ACT leader David Seymour hits MPs in new book

David Seymour will launch Own Your Future today, along with an announcement on housing policy.
DAVID WHITE/STUFF

David Seymour will launch Own Your Future today, along with an announcement on housing policy.

ACT has attacked the education minister as a "frenetic grandiloquent diva", tearing at its own coalition partner's jugular in the election campaign.

Leader David Seymour, 34, believes the education system is broken, remembering a friend who was bullied out of school when he was at the "barbaric" Auckland Grammar School.

"Often a school and a student are simply not a good mix but because of school zoning there is not much of a choice," he said.

ACT leader David Seymour describes former Education Minister Hekia Parata in his book as a "frenetic, grandiloquent ...
CAMERON BURNELL/STUFF

ACT leader David Seymour describes former Education Minister Hekia Parata in his book as a "frenetic, grandiloquent diva" who "sings her way through speeches".

Seymour is hoping Act's distinctive education policy, pushing charter schools and parent choice, will win votes off National.

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He accused retiring education minister Hekia Parata as "singing her way through speeches", in a new book that he is publishing to launch ACT's election campaign today.
Kiwi multimillionaire and global entrepreneur Stephen Jennings has written the foreword for ACT leader David Seymour's ...
AKINTUNDE AKINLEYE/REUTERS

Kiwi multimillionaire and global entrepreneur Stephen Jennings has written the foreword for ACT leader David Seymour's new book entitled Own Your Future.

"By this I mean she has an impressive facade but the question is, is the underlying policy there to back her up?" he told Stuff.

Parata was Minister of Education from 2011 to 2017. During that time the education system was plagued by problems relating to the $30 million Novopay payroll system Parata introduced, which left teachers being overpaid, underpaid and sometimes not paid at all.

Seymour said targets Parata set under the Better Public Service programme had disguised New Zealand's education problems by encouraging schools to "massage data".

The Government set teachers and schools student performance targets through the programme designed to lift education levels of New Zealand children.

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But Seymour believes the model was flawed saying, "the people tasked with reaching these targets are the same people tasked with marking the students. You do the math".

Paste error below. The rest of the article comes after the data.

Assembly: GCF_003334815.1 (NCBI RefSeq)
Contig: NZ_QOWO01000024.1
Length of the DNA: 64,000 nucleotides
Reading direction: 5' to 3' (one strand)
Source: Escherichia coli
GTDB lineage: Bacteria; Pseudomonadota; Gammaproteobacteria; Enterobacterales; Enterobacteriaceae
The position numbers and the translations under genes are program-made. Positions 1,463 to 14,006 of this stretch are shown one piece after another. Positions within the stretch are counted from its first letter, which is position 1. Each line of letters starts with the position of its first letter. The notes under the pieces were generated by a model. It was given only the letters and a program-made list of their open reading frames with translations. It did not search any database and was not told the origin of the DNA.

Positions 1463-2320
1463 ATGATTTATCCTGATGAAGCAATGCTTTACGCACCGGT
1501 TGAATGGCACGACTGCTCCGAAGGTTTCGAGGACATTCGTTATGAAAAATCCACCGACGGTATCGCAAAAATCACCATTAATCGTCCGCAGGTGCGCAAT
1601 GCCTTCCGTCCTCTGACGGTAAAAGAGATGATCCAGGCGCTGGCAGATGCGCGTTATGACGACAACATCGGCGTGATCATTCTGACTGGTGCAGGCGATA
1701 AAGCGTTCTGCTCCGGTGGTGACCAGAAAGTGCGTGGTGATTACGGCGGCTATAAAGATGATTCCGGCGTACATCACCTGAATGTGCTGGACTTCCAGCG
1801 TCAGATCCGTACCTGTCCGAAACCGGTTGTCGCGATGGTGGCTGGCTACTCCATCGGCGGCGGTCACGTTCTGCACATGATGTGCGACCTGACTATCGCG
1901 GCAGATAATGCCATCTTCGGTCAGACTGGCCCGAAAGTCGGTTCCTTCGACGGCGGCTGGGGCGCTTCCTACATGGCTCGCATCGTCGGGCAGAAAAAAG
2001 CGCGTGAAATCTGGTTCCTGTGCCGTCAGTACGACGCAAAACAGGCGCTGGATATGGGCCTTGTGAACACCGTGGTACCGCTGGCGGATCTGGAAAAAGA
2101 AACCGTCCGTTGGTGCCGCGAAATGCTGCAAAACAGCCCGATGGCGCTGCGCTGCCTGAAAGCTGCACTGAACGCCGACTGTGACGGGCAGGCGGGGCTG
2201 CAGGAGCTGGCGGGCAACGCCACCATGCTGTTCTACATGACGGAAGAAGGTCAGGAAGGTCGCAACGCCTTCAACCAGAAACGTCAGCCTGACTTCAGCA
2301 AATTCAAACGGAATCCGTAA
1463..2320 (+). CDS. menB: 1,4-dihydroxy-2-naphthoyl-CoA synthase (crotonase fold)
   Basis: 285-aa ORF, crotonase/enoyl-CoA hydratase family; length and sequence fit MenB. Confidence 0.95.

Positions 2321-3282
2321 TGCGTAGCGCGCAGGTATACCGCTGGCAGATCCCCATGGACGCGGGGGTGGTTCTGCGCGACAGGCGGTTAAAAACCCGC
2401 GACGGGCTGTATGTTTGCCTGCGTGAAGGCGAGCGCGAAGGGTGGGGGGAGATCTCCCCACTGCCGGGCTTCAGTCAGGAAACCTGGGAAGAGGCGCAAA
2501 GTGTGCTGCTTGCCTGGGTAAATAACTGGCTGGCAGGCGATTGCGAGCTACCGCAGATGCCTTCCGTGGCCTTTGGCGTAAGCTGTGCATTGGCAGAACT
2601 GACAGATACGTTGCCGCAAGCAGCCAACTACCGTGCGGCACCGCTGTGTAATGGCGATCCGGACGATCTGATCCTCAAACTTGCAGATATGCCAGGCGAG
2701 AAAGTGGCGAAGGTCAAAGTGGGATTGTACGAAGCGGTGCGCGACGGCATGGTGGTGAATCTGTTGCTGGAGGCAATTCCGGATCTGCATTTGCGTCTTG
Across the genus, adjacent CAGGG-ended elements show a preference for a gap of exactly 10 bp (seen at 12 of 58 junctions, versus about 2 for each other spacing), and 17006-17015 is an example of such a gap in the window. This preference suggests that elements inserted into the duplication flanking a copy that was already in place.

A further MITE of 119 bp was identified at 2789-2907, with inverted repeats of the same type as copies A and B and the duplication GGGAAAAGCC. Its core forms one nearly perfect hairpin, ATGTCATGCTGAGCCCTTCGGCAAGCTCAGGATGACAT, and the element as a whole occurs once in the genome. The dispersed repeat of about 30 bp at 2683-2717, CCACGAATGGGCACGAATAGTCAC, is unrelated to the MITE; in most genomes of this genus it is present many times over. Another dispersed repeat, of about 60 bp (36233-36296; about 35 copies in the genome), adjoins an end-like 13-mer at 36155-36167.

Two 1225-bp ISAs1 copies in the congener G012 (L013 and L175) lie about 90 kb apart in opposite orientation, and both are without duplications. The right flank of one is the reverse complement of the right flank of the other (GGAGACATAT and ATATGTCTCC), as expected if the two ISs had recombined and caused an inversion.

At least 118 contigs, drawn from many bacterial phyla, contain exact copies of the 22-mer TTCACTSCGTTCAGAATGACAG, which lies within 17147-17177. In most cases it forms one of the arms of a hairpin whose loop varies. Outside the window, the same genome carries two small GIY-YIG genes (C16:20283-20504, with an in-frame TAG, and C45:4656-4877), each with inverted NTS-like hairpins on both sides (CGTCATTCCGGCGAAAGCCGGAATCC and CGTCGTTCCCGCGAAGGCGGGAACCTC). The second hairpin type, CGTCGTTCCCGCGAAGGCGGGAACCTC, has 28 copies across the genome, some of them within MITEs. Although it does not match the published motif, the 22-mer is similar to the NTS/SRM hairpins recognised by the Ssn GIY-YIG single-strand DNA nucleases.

Seymour said the book's success would be measured by how angry it made politicians.

"And you know what? They should be angry," Seymour said.

"It is a politician's job to improve the lives of New Zealand citizens and we have failed miserably - even when the solutions are not that complicated."

According to Seymour, the country's education system was a mess and one way to improve it was through creating more charter schools.

It was in his sixth form at the prestigious Auckland Grammar School when he realised that education should not have an "a one size fits all" approach.

Charter schools are a flagship policy for the ACT Party. The schools can be run by a church, business or community organisation. They can set their own curriculum, within reason, and don't have to hire registered teachers.

Charter schools tailored teaching to suit students who were failing or performing poorly in the state school system, Seymour said.

Seymour replaced Jamie Whyte as leader of the ACT Party in 2014. He was given the rarely-used role of Parliamentary Under-Secretary to the Minister of Education, and within three years he managed to push through 10 charter schools teaching more than 1000 students.

ACT is now campaigning for more charter schools and wants state schools to be able to convert to charter schools.

Seymour hoped Own Your Future, that's available to buy on ACT's website for $20, would translate into general election votes for ACT.

"The fact that I have written a book shows that I have ideas and the voters will recognise this," Seymour said.

Auckland Grammar head master Tim O'Connor said the school was far from being barbaric. 

"David has probably looked back at part of his time there and reflected on how tough it was."

​"I guess it's good that he was challenged. He's come out better for it hasn't he?"

 - Sunday Star Times

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